On the road to Damascus, surrounded by mountains, lies a village soaked in cool air and dappled sunlight. Here, birds sing from olive trees that cast soft shadows over the courtyards of ancient monasteries.
Legend has it that St Tekla, the daughter of a pagan prince and disciple of Saint Paul, fled to these rugged mountains in the first century to escape persecution. Her way was blocked by jagged rock. With those who threatened to kill her in pursuit, she fell to her knees and cried to God. The tale goes that in response God parted the mountains for Tekla, so she could hide in one of the many caves. And thus, the place where she took refuge is still called Ma’loula today, which in Aramaic means ‘entrance’.
Even though this story enters the realm of myth, the caves of Ma’loula have provided cover for persecuted Christians throughout the centuries. The village is home to one of the oldest Christian communities in the world. Nuns live side by side with their Muslim neighbors in peaceful tolerance. Ma’loula is one of only three villages where Aramaic, the pre-Islamic language of Syria, is still spoken. Aramaic was the language of Jesus.
When the war began
The inhabitants of Ma’loula wanted nothing to do with the Syrian civil war that raged around them. But even this oasis of peace was not exempt from the chaos. In September 2013 a Jordanian suicide bomber blew up a truck at the village’s entrance, killing eight people. Two months later, 12 nuns were kidnapped by the rebels. Then in 2014, the sound of machine guns echoed off the mountains as the rebels, who for months had occupied St Sergius monastery, were driven out by Syrian government forces. During the violence UNESCO listed churches were burnt, crosses were shot at and Christian villagers held at gun-point, forced to convert to Islam. Not even this mountain hide-away has been exempt from the horrors of a war which has displaced 12 million people and left half a million dead, becoming the greatest humanitarian crisis of our times.
This March marks the seventh year of conflict in Syria, which began in 2011 with a group of school kids and graffiti. Inspired by the 2011 Arab Spring, which swept across the Middle East in a series protests and uprisings, teenagers from a town in southern Syria decided to write anti-Assad government slogans on a wall at their school. They were arrested, beaten, tortured and thrown into prison. Peaceful protests began as citizens demanded the release of the children — the people wanted torture, paranoia, and political corruption to end, and so shouted for freedom. In response to the protests, Syrian police fired at the crowds. But the protesters fought back. Soon, a fully-fledged war had broken out between the Assad government and those who called themselves revolutionaries. Today the conflict has snowballed into a complicated war-zone involving foreign parties, each with their own agenda. Syria is burning, but those flames could easily ignite the entire Middle East.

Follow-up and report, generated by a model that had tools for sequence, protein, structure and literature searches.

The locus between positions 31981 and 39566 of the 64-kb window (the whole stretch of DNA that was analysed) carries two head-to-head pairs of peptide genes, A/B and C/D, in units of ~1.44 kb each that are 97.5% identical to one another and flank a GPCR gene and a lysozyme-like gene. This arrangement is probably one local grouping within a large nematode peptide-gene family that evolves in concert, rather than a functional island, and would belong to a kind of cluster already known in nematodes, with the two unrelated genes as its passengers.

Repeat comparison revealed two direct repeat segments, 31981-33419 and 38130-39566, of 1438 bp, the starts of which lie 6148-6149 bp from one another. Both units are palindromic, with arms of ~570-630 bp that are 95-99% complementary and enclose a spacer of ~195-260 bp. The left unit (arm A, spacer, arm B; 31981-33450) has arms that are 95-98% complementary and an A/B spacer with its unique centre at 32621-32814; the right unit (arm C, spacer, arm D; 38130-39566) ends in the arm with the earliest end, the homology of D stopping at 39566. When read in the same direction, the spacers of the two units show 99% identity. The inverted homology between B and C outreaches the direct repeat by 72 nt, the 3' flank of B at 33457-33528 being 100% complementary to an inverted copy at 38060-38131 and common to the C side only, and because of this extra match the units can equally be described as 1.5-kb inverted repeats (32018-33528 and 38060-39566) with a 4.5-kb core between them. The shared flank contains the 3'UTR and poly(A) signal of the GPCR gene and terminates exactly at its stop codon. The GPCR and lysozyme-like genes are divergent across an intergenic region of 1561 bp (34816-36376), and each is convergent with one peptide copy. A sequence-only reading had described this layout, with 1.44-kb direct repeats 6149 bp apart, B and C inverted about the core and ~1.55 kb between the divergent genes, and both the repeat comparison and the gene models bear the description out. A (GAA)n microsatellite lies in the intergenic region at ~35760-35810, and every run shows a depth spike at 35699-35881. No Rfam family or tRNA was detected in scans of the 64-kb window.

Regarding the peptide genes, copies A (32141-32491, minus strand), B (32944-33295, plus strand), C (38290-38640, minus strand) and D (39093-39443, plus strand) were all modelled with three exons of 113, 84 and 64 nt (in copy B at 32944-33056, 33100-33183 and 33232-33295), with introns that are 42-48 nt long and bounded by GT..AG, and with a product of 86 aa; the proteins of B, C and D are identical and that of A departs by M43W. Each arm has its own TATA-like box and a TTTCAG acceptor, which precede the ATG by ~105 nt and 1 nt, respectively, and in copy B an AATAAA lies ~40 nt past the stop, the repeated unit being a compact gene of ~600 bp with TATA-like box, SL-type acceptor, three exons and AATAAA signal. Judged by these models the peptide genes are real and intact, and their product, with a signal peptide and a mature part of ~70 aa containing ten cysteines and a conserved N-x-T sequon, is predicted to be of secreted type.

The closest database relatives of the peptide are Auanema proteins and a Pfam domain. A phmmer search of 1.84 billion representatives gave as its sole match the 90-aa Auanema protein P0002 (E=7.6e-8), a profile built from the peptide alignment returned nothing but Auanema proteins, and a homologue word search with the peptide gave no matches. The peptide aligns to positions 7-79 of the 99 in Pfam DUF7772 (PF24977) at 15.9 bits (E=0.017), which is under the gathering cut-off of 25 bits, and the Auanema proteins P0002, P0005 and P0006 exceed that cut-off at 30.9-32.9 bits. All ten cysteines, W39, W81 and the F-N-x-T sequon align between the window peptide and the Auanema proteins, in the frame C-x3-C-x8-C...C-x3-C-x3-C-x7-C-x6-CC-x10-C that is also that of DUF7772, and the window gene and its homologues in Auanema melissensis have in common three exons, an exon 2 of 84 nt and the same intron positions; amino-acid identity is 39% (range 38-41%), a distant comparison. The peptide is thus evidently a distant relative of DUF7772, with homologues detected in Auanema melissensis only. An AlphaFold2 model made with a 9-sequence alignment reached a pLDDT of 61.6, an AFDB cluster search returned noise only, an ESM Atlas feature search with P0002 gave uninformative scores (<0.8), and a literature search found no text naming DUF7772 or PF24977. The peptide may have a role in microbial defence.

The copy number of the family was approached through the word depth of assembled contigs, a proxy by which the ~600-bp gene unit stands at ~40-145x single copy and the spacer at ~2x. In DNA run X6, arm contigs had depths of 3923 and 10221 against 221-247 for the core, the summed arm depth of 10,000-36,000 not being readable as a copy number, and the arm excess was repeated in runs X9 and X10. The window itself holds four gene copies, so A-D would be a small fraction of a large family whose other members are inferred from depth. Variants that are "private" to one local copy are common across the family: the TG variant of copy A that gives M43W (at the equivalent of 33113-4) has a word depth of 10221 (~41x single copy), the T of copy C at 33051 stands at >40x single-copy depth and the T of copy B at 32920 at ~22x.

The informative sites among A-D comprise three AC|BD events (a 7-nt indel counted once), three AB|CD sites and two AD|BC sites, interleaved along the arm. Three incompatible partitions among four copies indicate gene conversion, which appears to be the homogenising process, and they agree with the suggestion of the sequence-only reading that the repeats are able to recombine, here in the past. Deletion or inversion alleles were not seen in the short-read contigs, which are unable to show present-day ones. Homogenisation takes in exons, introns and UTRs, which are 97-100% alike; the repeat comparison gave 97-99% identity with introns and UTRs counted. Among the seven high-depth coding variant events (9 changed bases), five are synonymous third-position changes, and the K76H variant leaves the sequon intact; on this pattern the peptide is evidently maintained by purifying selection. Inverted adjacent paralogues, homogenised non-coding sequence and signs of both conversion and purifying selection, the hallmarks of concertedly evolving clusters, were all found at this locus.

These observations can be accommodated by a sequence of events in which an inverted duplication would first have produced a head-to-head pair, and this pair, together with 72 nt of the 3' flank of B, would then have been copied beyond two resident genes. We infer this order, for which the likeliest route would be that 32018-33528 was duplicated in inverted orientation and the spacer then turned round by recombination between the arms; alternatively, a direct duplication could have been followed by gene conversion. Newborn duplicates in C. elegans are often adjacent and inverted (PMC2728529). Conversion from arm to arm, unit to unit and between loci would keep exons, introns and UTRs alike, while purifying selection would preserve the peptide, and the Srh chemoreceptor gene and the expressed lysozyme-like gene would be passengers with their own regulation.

The current crisis is the siege in Eastern Ghouta, north of Damascus. Government forces, backed by Russia, are attacking this rebel held area with chlorine bombs, barrel bombs and rocket shells. It is now March 2018 and close to 800 civilians have been killed in the one month since the siege intensified in February. Thousands more are trapped, starving and without medical assistance. The destruction of Ghouta can be seen from space.
Light from Heaven
When we read in Acts about Paul travelling the road to Damascus and encountering the light of heaven, we see ourselves in this account. Like Paul, Jesus has shone his light into our darkness and saved us. This is a powerful and personal interpretation. But I like to think that when Jesus met Paul on a road in the Syrian desert, he did so because he looked ahead and saw today.
He saw blood and bombs. He heard children’s screams. Held mother’s tears. Longed to comfort tortured and abused souls. And pined for the rain of his Spirit to soothe this searing land. On the road to Damascus Christ unveiled his light to a man on a mission to kill people in Syria. Outside Damascus, Paul gave his heart of hate to Christ, who gave him God’s heart of love. And this zealous persecutor became God’s missionary. The Gospel reached the world because God did something radical to one man’s heart, in Syria.
There are seeds of Christ planted in Syria. In Genesis, God set apart a Syrian woman, Rebekah, to be the mother of Israel. In the gospel of Matthew, Jesus heals everyone from Syria who came to Galilee to hear him preach. In Acts, we discover that believers were first called Christians in Syria, and it was here that Paul and Barnabas were commissioned by the church to take God’s message of salvation to the nations. Syria is still part of God’s plan. For upon a wooden cross of torture, Jesus carried the brokenness of this nation. Our Saviour spilt Middle Eastern blood, on Middle Eastern sand, for the salvation of every Middle Eastern soul. Such suffering I cannot understand. But I can pray, like Saint Telka, for God to move mountains so his people can find eternal safe refuge in him. May they find a Ma’loula for their souls — a holy ‘entrance’ into a peace that transcends all understanding.
Amy is a photographer / videographer from Adelaide. A portfolio of her work can be found here: www.vimeo.com/littlelightcreations
Amy is a Press Services International Columnist from Adelaide. She has a BA in Creative Writing and Screen & Media, and now works as a freelance photographer, videographer and writer. She was runner-up in the 2018 Basil Sellars Award. Her previous articles can be viewed here: http://www.pressserviceinternational.org/amy-manners.html